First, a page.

The UK will no longer be signatory of any of the EU treaties upon a full exit from the EU, which means the UK will not have the right to issue a European Arrest Warrant, which means the UK will not be able to request extradition of offenders from EU member states. As for minors, EU member states will no longer be able to refuse the extradition of minors to the UK under the Mandatory Grounds for Refusal and the UK will not be able to request extradition of minors from EU member states, as England and Wales (10) and Scotland (8) have the lowest age of criminal responsibility in the EU.

Finally, the UK will no longer have to protection and benefits of the Europol, which means it will no longer benefit from joint law enforcement services, combating terrorism, trafficking in human beings, sexual exploitation of women and children, cybercrime and organised crime, including sharing of intelligence and evidence Article 88 of The Treaty of the Functioning of the European Union. As well, UK nationals will no longer be able to take their cases to the European Court of Justice, which oversees and regulates the legality of the acts of the EU member states.

Masters Student Madeleine Hughes, University of Kent, also reflects upon the impact leaving the European Union will have upon human rights legislation, appealing for humanity in political decision-making.

As I attempt to make sense of the countries decision to leave the European Union I cannot help but reflect on the impact that ‘Brexit’ will have on our human rights. Will our exit from the EU result in the Conservatives pressing ahead with their plan to repeal the Human Rights Act and to introduce their UK Bill of Rights? And if they do what impact will this have on the rights of our prisoner population?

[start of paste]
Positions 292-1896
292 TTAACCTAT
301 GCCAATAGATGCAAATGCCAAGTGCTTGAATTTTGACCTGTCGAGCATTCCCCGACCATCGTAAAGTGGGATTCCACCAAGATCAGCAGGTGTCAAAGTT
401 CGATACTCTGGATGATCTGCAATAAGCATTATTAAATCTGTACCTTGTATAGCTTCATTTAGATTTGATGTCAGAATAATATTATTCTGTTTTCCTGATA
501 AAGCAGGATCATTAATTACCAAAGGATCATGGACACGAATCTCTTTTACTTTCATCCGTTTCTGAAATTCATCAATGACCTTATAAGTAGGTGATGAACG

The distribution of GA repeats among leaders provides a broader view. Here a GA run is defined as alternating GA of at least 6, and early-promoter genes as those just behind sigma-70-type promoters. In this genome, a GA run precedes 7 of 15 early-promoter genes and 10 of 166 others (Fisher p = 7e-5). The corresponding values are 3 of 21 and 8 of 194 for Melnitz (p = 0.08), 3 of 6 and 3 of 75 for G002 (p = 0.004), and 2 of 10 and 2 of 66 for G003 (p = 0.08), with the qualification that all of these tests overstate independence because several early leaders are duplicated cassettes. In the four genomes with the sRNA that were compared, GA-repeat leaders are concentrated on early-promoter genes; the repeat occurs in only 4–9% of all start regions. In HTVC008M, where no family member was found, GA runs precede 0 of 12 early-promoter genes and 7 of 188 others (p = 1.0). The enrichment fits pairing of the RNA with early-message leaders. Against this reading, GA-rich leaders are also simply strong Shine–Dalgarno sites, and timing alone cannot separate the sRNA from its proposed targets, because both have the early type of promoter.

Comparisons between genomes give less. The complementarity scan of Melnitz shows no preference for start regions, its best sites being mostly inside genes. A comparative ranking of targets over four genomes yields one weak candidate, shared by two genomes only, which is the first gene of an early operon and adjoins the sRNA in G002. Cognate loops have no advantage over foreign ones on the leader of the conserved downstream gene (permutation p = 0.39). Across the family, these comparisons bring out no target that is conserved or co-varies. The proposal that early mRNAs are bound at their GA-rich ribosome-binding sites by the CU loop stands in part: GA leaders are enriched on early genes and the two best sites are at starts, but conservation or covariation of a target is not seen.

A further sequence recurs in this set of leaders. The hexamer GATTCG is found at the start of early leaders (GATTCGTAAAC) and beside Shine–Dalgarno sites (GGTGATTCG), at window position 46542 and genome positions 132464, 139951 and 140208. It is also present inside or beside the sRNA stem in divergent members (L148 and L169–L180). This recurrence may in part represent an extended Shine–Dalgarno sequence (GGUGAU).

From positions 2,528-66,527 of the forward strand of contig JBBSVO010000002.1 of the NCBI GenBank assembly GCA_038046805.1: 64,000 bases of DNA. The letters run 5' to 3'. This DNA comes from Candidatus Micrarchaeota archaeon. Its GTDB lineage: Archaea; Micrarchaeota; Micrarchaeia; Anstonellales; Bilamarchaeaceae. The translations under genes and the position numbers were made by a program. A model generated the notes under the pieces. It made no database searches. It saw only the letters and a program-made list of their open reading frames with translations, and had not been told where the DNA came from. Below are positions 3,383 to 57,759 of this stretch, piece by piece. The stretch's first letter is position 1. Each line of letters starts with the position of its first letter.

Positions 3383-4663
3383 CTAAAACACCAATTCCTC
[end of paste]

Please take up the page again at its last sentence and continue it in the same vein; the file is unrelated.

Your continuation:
My research focuses on problems faced by our imprisoned population, so I am keenly aware that prisoners’ rights are not a subject that elicits sympathy. It appears to me that, in some part, the impetus for many to leave the EU is borne from a desire to prevent rights being given to those who are deemed to be ‘undeserving’ and to protest against perceived dictates from the European Court of Human Rights. Human Rights are often seen as something that only benefits ‘others’; an argument postulated by the Leave campaign when claiming that the UK is inundated with foreign criminals who are ‘protected under EU human rights laws’ . But those who denounce human rights in this way are missing the point, for them to be human rights they must apply to all citizens not just those deemed worthy of them.

For Winston Churchill, ‘…the treatment of crime and criminals is one of the most unfailing tests of the civilisation of any country’. I would implore the politicians before they repeal the Human Rights Act to consider these words, because by failing to consider the rights of all of our citizens, including those who are imprisoned, politicians endanger the rights of us all.

Finally, PhD Candidate Adam Westall from Manchester Metropolitan University, appeals for us to ‘just do right’ – reminding us that, during times of change and uncertainty, it is the way we treat each other on a day to day basis that promotes security and social justice.

‘Great’ Britain, as we are officially titled is not looking so ‘great’ at the moment.  In the immediate aftermath following the decision to leave the EU, we appear to be more divided and less ‘great’ than we have ever been.  We are split politically in terms of our political parties being at war with each other, without (in my opinion any of them being able to run the country), we are divided in terms of class with significant differences in opinion between the less wealthy communities and those in the ‘middle and upper’ classes; and we are divided geographically with Scotland and Northern Ireland expressing wishes to leave the not so ‘United’ Kingdom.